Forgery and Counter-forgery: The Use of Literary Deceit in Early Christian Polemics

Hardcover | November 20, 2012

byBart D. Ehrman

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"Arguably the most distinctive feature of the early Christian literature," writes Bart Ehrman, "is the degree to which it was forged." The Homilies and Recognitions of Clement; Paul's letters to and from Seneca; Gospels by Peter, Thomas, and Philip; Jesus' correspondence with Abgar, letters byPeter and Paul in the New Testament - all forgeries. To cite just a few examples.Forgery and Counter-forgery is the first comprehensive study of early Christian pseudepigrapha ever produced in English. In it, Ehrman argues that ancient critics - pagan, Jewish, and Christian - understood false authorial claims to be a form of literary deceit, and thus forgeries. Ehrman considersthe extent of the phenomenon, the "intention" and motivations of ancient Greek, Roman, and Jewish forgers, and reactions to their work once detected. He also assesses the criteria ancient critics applied to expose forgeries and the techniques forgers used to avoid detection. With the wider practices of the ancient world as backdrop, Ehrman then focuses on early Christian polemics, as various Christian authors forged documents in order to lend their ideas a veneer of authority in literary battles waged with pagans, Jews, and, most importantly, with one another ininternecine disputes over doctrine and practice. In some instances a forger directed his work against views found in another forgery, creating thereby a "counter-forgery." Ehrman's evaluation of polemical forgeries starts with those of the New Testament (nearly half of whose books make a falseauthorial claim) up through the Pseudo-Ignatian epistles and the Apostolic Constitutions at the end of the fourth century. Shining light on an important but overlooked feature of the early Christian world, Forgery and Counter-forgery explores the possible motivations of the deceivers who produced these writings, situating their practice within ancient Christian discourses on lying and deceit.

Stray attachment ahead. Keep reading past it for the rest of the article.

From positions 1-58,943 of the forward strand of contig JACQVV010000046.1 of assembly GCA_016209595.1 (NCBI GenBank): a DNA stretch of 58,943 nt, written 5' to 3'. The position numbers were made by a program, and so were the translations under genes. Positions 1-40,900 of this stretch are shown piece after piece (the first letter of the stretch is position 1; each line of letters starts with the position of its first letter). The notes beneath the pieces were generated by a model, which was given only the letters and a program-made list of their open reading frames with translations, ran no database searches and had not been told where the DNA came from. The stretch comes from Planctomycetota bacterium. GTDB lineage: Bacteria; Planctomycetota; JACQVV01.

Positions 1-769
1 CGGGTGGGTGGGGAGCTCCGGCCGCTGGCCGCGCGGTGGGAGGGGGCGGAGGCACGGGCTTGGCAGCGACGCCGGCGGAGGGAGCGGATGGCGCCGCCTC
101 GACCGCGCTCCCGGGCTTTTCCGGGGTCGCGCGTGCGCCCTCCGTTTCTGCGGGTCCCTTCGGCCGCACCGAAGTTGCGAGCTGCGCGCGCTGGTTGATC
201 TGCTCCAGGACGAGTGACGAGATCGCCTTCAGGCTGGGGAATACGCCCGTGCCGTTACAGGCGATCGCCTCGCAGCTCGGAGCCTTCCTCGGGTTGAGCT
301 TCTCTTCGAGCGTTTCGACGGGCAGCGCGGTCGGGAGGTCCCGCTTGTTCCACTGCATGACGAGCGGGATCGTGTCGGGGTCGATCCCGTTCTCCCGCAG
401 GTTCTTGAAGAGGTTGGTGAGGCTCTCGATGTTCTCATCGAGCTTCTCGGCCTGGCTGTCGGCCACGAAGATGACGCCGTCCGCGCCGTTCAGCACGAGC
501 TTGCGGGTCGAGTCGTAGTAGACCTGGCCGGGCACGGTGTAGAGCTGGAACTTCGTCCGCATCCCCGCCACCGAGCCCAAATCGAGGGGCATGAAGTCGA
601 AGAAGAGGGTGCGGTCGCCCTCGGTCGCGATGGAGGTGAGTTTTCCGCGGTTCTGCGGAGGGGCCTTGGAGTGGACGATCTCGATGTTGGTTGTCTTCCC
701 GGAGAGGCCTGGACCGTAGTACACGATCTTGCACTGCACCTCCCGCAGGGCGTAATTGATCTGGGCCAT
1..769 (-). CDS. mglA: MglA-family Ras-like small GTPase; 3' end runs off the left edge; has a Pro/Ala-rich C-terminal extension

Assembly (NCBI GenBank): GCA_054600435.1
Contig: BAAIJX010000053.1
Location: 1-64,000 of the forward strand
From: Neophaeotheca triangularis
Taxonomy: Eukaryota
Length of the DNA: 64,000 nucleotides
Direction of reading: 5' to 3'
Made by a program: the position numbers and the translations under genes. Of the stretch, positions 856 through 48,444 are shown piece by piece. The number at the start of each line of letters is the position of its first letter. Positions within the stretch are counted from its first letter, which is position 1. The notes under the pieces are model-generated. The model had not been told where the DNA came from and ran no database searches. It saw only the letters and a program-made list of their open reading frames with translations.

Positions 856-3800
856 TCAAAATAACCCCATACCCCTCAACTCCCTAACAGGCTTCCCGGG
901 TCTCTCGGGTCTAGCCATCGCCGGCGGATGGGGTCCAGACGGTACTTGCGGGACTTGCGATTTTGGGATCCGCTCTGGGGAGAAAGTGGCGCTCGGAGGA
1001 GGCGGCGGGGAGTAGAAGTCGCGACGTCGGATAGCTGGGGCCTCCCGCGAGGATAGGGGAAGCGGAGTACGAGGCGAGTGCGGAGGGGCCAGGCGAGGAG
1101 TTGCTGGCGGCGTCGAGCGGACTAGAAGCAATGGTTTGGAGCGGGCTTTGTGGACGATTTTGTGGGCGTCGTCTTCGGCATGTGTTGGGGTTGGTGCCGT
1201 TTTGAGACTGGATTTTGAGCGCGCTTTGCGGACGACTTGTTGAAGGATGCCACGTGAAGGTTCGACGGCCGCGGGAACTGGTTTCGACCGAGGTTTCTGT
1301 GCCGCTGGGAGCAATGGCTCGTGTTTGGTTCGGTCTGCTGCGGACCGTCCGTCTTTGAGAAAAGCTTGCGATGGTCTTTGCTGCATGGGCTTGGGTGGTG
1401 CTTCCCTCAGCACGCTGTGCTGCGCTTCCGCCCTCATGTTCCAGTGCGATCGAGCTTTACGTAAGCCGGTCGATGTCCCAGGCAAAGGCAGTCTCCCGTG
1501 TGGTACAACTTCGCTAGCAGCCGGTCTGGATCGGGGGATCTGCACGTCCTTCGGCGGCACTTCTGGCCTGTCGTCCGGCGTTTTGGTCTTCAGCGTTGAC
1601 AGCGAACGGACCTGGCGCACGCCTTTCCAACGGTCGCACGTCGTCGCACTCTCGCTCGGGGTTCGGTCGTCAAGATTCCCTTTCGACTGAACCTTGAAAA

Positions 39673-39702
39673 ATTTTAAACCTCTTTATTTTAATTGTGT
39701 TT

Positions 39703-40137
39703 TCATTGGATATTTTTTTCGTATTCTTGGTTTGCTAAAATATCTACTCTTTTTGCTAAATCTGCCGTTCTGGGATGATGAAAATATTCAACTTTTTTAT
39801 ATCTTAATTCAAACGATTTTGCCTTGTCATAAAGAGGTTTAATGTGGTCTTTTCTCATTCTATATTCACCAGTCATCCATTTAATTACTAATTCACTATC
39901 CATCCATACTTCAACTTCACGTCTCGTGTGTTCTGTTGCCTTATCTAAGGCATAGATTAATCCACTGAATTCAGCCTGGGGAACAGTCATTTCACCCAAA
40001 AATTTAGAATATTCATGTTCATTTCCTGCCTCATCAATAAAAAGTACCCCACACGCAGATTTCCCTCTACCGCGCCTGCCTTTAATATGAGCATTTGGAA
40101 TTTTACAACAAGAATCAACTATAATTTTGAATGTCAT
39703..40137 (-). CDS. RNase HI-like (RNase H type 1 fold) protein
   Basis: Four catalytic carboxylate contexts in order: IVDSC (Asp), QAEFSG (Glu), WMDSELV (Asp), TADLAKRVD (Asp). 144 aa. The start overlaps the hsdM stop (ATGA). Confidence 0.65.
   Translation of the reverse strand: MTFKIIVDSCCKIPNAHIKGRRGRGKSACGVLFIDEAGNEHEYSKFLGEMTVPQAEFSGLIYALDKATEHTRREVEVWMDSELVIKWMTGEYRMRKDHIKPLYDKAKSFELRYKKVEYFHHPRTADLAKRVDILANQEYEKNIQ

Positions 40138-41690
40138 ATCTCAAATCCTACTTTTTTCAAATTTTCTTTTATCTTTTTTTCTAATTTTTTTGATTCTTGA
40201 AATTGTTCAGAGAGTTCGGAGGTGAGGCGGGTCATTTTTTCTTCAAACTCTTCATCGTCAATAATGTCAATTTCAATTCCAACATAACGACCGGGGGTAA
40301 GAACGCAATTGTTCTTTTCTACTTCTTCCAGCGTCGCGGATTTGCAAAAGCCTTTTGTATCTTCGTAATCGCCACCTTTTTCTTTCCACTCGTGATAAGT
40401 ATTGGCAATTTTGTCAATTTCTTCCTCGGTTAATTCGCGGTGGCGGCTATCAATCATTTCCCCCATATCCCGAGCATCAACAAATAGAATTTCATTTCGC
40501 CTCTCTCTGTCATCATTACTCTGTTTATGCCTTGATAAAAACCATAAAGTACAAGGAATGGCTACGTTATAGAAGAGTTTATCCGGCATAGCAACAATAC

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"Arguably the most distinctive feature of the early Christian literature," writes Bart Ehrman, "is the degree to which it was forged." The Homilies and Recognitions of Clement; Paul's letters to and from Seneca; Gospels by Peter, Thomas, and Philip; Jesus' correspondence with Abgar, letters byPeter and Paul in the New Testament - all f...

Bart D. Ehrman is the James A. Gray Distinguished Professor at the University of North Carolina at Chapel Hill. Widely recognized as one of the world's leading authorities on the New Testament and early Christianity, he has lectured at major universities throughout North America and has been featured on CNN, BBC, the History Channel, N...

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Format:HardcoverDimensions:608 pages, 9.25 × 6.12 × 0.98 inPublished:November 20, 2012Publisher:Oxford University PressLanguage:English

The following ISBNs are associated with this title:

ISBN - 10:0199928037

ISBN - 13:9780199928033

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Table of Contents

Acknowledgments1. IntroductionPart One: Forgery in the Greco-Roman World2. Forgers, Critics, and Deceived Deceivers3. Terms and Taxonomies4. Forgery in Antiquity: Aspects of the Broader Phenomenon5. Forgery in Antiquity: Motives, Techniques, Intentions, Justifications, and Criteria of DetectionPart Two: Forgery in Early Christian Polemics6. Introduction to Forgery and Counter-forgery in Early Christian Polemics7. Early Pauline Forgeries Dealing with Eschatology8. Later Forgeries Dealing with Eschatology9. Forgeries in Support of Paul and His Authority10. Forgeries in Opposition to Paul and His Message11. Anti-Jewish Forgeries12. Forgeries involving Church Organization and Leadership13. Forgeries involving Debates over the Flesh14. Forgeries Arising from Later Theological Controversies15. Apologetic Forgeries16. Lies and Deception In the Cause of TruthBibliography